1-2-3 Blocks

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Manufacturing 1-2-3 blocks is quite straightforward so you would be quite unfortunate to get a bad pair. If you want to buy a set, this pair of BL-123 blocks on Amazon will be ideal.

a pair of 1-2-3 blocks

What Are 1-2-3 Blocks?

1-2-3 blocks are hardened and ground from steel that measure exactly 1” by 2” by 3”. Each side of the block are ground precisely square and parallel to each other. 

Multiple holes are drilled into them on each face, some of these holes are threaded, typically every other hole.

These tools are used in all machine shops everywhere, they are inexpensive and very useful and you can never have enough of them. 

I use them every day and I am always finding new ways to use them.

How 1-2-3 blocks are made

The basic process of construction is to machine the blocks oversize, then the holes are drilled and tapped (threads added). 

The next step will involve heat treating to harden the steel so it can withstand some abuse without getting damaged. 

The blocks are then precisely ground on a table grinder, usually to within at least .0002”. 

I don’t know if it is still common practice, but when I was an apprentice making your own 1-2-3 blocks was almost a rite of passage in your career as a machinist. It was a useful learning process and you had your own set to use when they were done.

1-2-3 blocks
Here are mine, still wrapped in oil paper

Using 1-2-3 Blocks As Parallels

One of the most common uses are as large parallels. They can be placed under a part which is then clamped down. This enables holes to be drilled through the part without drilling into the table of the machine.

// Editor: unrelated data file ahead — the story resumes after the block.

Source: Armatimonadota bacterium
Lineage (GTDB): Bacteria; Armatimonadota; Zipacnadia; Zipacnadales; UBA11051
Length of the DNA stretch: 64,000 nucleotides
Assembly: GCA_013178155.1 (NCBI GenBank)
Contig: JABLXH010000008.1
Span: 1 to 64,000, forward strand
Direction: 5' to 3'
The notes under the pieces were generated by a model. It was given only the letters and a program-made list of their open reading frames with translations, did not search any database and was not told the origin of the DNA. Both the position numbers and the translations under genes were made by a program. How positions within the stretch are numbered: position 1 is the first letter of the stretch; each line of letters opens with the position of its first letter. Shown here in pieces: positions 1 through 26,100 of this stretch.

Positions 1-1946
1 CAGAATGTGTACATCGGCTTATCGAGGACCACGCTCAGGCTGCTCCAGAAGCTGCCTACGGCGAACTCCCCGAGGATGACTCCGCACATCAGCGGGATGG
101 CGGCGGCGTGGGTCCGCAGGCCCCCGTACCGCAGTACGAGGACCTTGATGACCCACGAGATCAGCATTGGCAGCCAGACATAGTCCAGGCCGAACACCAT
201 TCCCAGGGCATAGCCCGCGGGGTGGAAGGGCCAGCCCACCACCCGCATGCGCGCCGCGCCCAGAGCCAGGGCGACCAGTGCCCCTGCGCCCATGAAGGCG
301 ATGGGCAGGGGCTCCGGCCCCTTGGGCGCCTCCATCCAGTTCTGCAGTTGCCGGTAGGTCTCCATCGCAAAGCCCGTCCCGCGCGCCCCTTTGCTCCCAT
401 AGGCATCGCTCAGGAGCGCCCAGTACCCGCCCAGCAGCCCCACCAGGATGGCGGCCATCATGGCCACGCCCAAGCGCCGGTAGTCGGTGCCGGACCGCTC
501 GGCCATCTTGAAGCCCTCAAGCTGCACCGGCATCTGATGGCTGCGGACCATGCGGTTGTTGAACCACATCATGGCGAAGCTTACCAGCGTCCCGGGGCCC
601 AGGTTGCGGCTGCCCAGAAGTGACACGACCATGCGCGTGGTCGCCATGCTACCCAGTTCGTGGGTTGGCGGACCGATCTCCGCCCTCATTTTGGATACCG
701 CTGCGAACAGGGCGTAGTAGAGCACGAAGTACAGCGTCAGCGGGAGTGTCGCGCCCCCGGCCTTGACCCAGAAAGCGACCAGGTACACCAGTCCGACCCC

Check your Tool Length Offsets

I regularly use them for checking a tool length offset. This is done by programming a safety line 1”, 2” or 3” away from the z datum face of the part.

If you single block the program to stop at the safety line you can stop the spindle and check with the 1-2-3 block to verify that the distance is correct.

Create A Repeating Setup

They can be clamped to a machine table to create a setup for machining multiple identical parts.

Doing this eliminates the need to re-establish your datums for each new part. Having a setup like this also speeds up your cycle time and reduces the possibility of setting an incorrect datum.

Use Them For Measuring

1-2-3 blocks are really useful for measuring the parts you are making. They can be held against an edge to give you a protruding face to use with your calipers. 

They can also be used as a square to check two faces for 90 degree or to set a face vertically when clamping in a vise.

Although the extra width when compared to a proper square can sometimes be an issue.

Verifying Your Measuring tools

Given that 1-2-3 blocks are accurately ground to within .0002” or .005mm you can use them to check or zero your measuring tools. 

Most home machine shops or hobby mills are not able to make large parts so a 3” measuring range is perfect for most hobbyists.

A single 1-2-3 block can be used to verify and zero a set of 0” – 3” micrometers. It is also important to set all your measuring tools to the same block, this ensures continuity with all your sizes.

What are the holes used for?

The reason for the holes is to give you the ability to clamp them together to create elaborate setups, generally intended for inspection purposes I believe. 

I have used the threaded holes before for adding an additional small clamp or two for an awkward shaped casting.

Other than that the holes do not generally get used. 

I suspect that the reason for the holes has been forgotten by manufacturers, the way most are made do not make it possible to connect them together. 

The drilled holes are not big enough to clear the size of screw needed to thread into the tapped holes and no provision is made to have the head of the screw sit below the surface of the block.

Which 1-2-3 Blocks should You Buy?

I already gave my recommendation at the top of this article but to be honest you could buy most brands and still get a good set.

1-2-3 blocks are quite straightforward to manufacture so it would be difficult to screw them up.

I would just check the reviews to make sure there are enough satisfied customers to give you the confidence when buying. 

Don’t try and save a few bucks on a brand that is short on reviews, even the sets that cost a little more are really good value.

Final Thoughts

The uses listed above only scratch the surface of what a 1-2-3 block can be used for. Every machinist has their own unique projects or processes that will provide a one of a kind use for these tools. 

Once you own a set you will wonder how you managed without them.

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